Conservatives Look South

If educational progressives these days tend to wave Finland’s flag, perhaps educational conservatives will start to wave Mexico’s.

Mexico’s new president, Enrique Pena Nieto, has made aggressive moves against his country’s powerful teachers’ unions.  Most dramatically, the government arrested teachers’ union leader Elba Esther Gordillo, “La Maestra.

Gordillo had long been famous for her lavish lifestyle, suspicious on her relatively frugal official salary.

La Maestra in 2005

La Maestra in 2005

By moving against the teachers’ union, President Pena Nieto made some powerful enemies.  The Mexican union had ultimate power over teachers’ jobs, often creating hereditary no-work positions.

But by attacking the union he has also gained some influential friends and admirers.  The Heritage Foundation, for instance, a leading conservative think-tank in the United States, lauded Pena Nieto’s move as the first step toward “meaningful education reforms.”  In the United States, after all, conservatives like those at the Heritage Foundation have long attacked the pernicious anti-market power of teachers’ unions.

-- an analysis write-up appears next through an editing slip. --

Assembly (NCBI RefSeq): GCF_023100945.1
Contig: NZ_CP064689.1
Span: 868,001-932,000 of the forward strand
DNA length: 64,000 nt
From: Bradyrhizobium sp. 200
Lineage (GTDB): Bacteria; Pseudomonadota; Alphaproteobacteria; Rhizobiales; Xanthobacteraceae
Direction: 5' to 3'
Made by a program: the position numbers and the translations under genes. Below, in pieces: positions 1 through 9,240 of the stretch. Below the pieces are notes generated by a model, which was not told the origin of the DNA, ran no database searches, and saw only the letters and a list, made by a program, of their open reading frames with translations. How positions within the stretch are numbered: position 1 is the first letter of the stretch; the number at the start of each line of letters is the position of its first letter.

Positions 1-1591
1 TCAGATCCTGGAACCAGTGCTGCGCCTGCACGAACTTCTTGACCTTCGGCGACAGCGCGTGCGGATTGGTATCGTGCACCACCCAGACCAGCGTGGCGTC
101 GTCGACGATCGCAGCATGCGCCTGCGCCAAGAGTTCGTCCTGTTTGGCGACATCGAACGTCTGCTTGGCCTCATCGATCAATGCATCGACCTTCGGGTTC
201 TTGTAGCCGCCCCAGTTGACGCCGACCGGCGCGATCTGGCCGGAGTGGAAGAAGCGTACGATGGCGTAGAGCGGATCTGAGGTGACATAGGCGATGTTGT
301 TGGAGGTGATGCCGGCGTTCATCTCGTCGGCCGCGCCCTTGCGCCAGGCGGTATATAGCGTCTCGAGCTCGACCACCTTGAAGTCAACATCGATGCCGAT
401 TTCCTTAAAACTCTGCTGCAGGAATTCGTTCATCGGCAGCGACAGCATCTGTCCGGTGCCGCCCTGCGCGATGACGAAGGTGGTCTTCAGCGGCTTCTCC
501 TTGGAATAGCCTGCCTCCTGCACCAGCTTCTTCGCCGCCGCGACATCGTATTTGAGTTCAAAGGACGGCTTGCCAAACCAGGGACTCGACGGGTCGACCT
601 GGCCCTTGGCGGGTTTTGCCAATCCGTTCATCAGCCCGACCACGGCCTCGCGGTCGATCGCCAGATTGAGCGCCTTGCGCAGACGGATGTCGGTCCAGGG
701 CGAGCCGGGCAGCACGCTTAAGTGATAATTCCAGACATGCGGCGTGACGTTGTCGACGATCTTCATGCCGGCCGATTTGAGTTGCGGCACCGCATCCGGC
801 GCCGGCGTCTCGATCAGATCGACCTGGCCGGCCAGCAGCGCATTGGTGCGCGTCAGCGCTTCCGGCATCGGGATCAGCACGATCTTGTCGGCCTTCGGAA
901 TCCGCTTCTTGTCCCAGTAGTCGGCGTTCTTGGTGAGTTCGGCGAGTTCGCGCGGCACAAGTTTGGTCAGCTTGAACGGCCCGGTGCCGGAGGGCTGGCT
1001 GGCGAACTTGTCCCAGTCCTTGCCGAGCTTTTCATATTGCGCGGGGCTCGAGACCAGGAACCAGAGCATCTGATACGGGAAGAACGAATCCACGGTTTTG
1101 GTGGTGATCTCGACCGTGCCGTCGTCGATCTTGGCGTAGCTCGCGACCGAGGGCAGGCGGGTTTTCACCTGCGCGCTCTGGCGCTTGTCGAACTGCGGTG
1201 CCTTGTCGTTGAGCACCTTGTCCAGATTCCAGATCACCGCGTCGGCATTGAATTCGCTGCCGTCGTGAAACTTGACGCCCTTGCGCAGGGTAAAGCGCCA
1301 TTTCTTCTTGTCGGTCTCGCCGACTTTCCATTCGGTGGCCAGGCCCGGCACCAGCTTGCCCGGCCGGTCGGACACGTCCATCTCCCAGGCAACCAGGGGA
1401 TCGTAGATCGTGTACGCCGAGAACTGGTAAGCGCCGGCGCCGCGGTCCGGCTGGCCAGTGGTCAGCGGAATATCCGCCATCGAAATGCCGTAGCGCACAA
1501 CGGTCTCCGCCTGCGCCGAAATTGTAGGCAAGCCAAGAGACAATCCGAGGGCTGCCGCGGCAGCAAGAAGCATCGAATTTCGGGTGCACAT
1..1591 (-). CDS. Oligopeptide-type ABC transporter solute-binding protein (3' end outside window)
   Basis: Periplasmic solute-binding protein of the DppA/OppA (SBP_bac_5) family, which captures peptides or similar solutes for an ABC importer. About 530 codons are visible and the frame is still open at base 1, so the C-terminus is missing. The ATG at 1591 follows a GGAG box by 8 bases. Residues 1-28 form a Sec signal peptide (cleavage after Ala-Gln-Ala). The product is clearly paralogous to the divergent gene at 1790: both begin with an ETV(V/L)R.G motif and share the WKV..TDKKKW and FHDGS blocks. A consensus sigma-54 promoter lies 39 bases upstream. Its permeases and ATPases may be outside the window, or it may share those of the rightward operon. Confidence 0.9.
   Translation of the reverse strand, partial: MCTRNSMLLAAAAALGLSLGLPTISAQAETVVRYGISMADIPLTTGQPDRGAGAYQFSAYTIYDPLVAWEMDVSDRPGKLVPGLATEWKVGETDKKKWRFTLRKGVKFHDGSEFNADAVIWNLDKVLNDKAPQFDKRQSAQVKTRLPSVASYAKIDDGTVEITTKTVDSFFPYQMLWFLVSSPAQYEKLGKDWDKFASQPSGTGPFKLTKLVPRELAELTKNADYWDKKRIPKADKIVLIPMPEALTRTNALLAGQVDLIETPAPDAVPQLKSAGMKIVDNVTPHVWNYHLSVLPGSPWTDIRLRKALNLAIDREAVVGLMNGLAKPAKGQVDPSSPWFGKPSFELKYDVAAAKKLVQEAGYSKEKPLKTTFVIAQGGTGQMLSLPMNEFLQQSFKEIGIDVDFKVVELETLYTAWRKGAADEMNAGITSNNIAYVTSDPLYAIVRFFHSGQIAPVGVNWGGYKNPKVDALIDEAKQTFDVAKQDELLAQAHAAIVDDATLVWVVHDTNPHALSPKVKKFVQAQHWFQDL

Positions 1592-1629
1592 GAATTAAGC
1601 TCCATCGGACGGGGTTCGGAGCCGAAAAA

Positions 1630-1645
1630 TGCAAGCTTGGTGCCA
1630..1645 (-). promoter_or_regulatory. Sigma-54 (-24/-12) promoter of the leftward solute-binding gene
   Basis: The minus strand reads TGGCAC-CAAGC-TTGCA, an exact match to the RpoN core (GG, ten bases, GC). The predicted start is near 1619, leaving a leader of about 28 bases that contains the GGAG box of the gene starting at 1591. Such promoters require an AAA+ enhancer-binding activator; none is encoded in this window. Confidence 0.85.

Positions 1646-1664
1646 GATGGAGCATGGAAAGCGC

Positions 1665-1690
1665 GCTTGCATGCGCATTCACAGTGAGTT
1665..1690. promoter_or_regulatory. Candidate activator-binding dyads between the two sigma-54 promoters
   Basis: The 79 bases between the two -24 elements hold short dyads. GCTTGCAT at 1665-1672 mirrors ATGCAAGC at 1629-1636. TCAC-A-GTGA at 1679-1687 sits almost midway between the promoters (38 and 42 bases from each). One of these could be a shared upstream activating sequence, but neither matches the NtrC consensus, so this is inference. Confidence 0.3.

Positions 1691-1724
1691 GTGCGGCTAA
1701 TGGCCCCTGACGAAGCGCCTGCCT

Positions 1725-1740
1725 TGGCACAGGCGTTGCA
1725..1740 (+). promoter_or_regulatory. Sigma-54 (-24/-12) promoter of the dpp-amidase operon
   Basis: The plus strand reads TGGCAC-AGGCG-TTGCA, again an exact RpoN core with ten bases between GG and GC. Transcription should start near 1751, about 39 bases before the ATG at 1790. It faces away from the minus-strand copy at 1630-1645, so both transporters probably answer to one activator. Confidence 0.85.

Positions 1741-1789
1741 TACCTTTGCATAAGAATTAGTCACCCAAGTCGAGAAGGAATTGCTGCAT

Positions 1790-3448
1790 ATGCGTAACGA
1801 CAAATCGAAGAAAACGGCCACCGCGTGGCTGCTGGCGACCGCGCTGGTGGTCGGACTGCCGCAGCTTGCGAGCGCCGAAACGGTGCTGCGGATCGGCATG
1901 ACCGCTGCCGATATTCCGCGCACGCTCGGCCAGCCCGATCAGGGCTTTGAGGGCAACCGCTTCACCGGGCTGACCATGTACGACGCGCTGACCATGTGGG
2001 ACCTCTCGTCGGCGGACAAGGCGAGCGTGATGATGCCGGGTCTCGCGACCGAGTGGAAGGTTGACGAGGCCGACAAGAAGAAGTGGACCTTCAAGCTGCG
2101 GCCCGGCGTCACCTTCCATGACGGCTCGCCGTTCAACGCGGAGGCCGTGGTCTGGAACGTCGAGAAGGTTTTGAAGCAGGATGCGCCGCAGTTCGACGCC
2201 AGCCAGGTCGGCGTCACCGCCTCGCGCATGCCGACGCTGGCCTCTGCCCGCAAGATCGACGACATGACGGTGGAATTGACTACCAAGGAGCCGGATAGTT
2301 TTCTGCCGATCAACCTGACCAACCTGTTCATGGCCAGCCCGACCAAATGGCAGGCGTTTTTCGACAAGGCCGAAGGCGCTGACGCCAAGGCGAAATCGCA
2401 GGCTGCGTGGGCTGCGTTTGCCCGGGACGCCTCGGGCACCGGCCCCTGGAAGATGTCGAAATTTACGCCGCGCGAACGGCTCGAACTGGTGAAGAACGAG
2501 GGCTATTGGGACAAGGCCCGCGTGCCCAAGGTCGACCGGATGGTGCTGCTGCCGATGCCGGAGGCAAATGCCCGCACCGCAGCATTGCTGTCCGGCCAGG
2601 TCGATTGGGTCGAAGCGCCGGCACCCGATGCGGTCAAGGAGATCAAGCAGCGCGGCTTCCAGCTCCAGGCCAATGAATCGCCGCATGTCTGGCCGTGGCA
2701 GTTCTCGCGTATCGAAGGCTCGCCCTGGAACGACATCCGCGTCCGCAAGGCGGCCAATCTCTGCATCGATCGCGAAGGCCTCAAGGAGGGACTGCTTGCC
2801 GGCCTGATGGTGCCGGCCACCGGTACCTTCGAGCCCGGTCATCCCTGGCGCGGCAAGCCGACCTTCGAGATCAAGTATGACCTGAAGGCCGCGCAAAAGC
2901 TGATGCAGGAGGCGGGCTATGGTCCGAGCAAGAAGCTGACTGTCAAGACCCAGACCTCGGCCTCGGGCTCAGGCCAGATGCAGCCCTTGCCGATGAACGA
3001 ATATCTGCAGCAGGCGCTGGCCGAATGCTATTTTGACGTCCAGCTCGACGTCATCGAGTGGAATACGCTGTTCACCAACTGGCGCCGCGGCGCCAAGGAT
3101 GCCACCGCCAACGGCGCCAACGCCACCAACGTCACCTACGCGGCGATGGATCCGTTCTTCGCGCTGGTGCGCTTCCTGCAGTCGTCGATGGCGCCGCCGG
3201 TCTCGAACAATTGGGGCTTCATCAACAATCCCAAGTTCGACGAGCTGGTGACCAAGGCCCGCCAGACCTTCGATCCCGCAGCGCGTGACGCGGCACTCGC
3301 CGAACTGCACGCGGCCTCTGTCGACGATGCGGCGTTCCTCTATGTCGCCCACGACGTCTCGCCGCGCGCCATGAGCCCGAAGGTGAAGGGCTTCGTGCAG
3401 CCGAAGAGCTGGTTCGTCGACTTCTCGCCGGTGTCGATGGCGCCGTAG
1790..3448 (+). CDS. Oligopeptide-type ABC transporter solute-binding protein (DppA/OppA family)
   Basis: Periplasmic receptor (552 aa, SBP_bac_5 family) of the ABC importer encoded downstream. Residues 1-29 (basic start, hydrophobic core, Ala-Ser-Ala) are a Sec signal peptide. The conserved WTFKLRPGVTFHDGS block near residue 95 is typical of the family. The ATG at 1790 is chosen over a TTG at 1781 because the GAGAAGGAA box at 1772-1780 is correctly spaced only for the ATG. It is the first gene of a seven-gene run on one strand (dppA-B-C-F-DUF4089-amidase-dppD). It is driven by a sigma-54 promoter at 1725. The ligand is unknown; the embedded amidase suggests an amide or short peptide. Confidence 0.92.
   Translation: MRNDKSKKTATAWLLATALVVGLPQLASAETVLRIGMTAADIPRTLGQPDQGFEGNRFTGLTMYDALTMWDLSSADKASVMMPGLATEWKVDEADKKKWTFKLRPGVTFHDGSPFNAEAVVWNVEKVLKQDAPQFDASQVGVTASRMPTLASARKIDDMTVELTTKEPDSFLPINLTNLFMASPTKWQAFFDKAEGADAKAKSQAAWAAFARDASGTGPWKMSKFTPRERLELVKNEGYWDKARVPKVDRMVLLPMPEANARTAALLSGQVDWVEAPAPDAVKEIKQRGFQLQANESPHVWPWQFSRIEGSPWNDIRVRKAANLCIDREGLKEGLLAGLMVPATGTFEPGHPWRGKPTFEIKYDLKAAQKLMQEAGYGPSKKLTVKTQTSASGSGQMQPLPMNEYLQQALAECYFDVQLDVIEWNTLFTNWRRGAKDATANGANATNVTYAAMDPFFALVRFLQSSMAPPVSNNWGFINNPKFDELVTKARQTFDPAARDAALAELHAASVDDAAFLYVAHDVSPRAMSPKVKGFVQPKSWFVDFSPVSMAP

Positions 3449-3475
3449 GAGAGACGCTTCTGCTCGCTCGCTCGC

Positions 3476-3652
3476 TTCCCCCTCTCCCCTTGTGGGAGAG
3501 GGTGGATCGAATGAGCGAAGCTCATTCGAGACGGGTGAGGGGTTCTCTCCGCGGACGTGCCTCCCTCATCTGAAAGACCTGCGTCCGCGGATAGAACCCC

This conservative admiration for Mexican education policy has not always been the case.  As historian Ruben Flores of the University of Kansas argues in an upcoming book, a century ago it was educational progressives who fell in love with the Mexican education system.  Back then, according to Flores, United States progressives admired the centralization and efficiency of the Mexican system.

Today, it is union-bashing conservatives who look south.

 

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